From The Straits Times    |

Credit: ST

A culture of transparency or “no secrets” has been embraced by many firms, but what if you find out that other colleagues somehow know of personal details that you only shared with the human resources (HR) team at your company? What should you do?

Employees in this position should begin by documenting all instances when colleagues showed they knew information they were not privy to, said Dr David Leong, managing director of PeopleWorldwide Consulting.

They should gather e-mails, text messages and anything else that shows the communicated information was shared without consent.

They should then request a meeting with the HR staff member who they believe shared the information, as well as a more senior HR manager, to present their concerns and seek an explanation, Dr Leong added.

If the matter still cannot be settled, the employee should take the matter to an even more senior HR manager or the company’s executive team.

A formal complaint, such as through a union or an external body like the Tripartite Alliance for Fair and Progressive Employment Practices, might be needed for serious breaches.

If the information is possibly protected by privacy laws like the Personal Data Protection Act, the affected employee could consult a lawyer on his options for recourse, said Dr Leong.

But he noted that HR departments require various types of personal information to perform their duties, including employees’ contact information and emergency contacts.

HR may also need an employee’s performance and employment history, such as resumes, performance review results or past disciplinary actions, to make decisions about promotions, raises and training opportunities.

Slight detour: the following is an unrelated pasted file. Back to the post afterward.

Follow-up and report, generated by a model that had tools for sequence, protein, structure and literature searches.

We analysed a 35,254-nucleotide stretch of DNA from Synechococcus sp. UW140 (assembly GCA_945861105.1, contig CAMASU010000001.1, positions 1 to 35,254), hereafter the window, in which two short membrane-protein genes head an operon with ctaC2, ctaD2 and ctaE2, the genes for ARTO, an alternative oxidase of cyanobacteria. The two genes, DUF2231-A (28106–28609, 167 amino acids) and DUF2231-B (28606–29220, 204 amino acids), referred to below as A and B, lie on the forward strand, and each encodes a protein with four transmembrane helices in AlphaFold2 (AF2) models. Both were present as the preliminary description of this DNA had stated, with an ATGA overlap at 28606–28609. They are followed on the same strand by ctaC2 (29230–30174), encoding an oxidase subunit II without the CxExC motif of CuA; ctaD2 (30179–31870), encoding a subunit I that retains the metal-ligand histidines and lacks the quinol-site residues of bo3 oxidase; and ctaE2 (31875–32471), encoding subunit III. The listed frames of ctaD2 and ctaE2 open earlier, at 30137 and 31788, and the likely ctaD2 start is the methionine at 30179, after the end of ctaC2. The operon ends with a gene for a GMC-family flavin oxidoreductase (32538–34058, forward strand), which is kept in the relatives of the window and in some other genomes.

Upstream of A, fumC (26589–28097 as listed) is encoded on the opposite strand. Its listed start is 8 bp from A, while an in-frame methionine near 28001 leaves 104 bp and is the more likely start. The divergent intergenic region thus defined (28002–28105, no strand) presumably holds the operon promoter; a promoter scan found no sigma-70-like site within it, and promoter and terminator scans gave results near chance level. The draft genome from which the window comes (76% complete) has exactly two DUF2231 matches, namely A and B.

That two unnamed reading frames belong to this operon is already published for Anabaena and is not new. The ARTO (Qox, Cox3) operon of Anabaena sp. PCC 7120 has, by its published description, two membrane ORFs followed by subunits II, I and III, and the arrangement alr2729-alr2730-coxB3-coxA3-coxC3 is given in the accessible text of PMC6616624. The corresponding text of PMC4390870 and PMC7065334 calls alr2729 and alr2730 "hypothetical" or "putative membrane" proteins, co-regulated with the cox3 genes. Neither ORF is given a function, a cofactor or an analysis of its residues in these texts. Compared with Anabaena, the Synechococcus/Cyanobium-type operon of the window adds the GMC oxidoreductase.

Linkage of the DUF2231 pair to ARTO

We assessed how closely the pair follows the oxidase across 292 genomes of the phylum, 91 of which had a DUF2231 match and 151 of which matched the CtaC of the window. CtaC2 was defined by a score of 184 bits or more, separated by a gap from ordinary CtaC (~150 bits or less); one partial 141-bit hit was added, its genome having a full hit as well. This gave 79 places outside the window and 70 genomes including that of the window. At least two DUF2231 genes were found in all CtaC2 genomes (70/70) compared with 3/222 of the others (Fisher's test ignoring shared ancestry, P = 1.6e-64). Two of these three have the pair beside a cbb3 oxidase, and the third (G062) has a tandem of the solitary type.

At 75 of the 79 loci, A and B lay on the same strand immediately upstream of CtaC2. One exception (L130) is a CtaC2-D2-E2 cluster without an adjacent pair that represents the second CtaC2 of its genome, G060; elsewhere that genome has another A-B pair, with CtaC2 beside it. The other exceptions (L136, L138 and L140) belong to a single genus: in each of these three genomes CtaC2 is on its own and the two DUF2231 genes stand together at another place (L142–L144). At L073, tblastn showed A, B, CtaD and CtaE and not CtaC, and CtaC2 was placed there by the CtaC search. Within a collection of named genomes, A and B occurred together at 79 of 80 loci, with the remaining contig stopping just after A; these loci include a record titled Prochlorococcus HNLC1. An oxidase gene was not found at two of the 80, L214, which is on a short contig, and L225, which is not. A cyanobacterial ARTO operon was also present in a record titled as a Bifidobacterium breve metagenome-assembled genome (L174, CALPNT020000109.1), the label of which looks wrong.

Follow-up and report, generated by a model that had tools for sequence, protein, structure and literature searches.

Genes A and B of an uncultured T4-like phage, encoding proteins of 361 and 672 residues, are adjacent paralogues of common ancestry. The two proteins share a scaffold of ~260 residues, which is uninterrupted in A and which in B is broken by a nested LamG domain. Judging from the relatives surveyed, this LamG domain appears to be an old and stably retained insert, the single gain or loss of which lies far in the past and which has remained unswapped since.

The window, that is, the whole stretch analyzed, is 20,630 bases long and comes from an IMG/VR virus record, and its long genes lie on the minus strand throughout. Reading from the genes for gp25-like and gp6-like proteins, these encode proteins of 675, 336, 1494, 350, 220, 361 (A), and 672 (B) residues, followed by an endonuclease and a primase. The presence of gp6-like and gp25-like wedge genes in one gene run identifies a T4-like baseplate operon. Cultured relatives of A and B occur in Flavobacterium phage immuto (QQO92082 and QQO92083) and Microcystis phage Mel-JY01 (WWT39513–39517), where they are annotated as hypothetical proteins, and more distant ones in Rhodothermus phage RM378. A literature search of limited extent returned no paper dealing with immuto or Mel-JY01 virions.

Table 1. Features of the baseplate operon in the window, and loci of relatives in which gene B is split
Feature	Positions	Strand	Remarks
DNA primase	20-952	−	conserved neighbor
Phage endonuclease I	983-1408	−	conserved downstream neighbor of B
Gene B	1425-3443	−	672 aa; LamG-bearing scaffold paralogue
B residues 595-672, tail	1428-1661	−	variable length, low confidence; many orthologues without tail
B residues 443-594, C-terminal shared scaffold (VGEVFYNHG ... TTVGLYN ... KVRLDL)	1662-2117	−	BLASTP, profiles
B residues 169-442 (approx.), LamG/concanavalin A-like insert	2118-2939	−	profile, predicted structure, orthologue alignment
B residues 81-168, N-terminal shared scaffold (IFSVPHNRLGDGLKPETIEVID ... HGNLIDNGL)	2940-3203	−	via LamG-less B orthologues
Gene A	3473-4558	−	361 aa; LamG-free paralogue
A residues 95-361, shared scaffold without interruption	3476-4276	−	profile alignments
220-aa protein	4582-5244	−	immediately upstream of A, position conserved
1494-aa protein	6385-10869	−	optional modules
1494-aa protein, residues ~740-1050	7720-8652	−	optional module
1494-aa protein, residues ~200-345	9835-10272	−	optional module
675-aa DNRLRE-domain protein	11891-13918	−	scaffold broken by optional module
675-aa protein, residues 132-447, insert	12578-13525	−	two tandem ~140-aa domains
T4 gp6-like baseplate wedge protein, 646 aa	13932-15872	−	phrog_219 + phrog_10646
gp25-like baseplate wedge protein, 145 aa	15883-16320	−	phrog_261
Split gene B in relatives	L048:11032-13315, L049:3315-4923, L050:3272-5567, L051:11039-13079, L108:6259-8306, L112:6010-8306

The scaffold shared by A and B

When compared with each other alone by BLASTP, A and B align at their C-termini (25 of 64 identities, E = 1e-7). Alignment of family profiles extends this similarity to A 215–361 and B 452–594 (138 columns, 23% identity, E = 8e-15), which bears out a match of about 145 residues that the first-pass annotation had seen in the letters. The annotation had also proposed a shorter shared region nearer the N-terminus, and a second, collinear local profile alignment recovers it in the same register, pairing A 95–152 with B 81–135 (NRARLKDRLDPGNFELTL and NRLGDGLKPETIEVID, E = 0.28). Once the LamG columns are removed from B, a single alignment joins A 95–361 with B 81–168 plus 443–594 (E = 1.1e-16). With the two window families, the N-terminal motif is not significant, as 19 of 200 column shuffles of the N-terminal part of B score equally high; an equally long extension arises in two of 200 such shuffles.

Personal data may also be needed to administer an employee’s payroll and benefits, such as medical history that the company’s insurance provider needs, said Ms Jean Yang, HR business partner for South-east Asia at Robert Walters.

“If employees are not comfortable disclosing this information, they can ask HR about the information required for their employment, so that the appropriate documents can be provided if needed,” she said.

Dr Leong said that HR departments may seek medical details from an employee so they can make reasonable accommodation for disabilities, meet public health guidelines, manage sick leave or handle compensation claims.

Still, an employee is typically not required to disclose specific health conditions or treatments, he noted.

Other types of sensitive personal information an employee is not obligated to disclose include those related to personal family matters, sexual orientation, as well as political and religious beliefs, Dr Leong said.

However, he added that exceptions may apply for administering employee benefits, arranging religious accommodation, or if the information relates to job tasks employees perform, he added.

If such details are requested, Dr Leong said employees can tactfully decline by expressing appreciation for the interest but adding that they prefer to keep the matter private, before seeking confirmation that their professional standing and work opportunities would not be affected.

He also advises employees to ask for more context, such as asking: “Could you help me understand how this information relates to my role or job performance? I’m not entirely comfortable sharing this information, and I want to make sure it’s necessary before I consider doing so.”

Both experts also said an organisational culture of openness with “no secrets” is no justification for HR staff to disclose sensitive personal details about an employee’s personal circumstances.

However, they said personal details may be shared for investigations into a harassment or discrimination claim, workplace safety in situations involving violence or sexual harassment, legal compliance or when employees might have put themselves or others at risk.

Dr Leong said: “Information disclosure by HR needs to be dealt with sensitively and discreetly, or the information disclosed may lead to shaming, embarrassment or even office politicking conversations.”

This article was originally published on The Straits Times.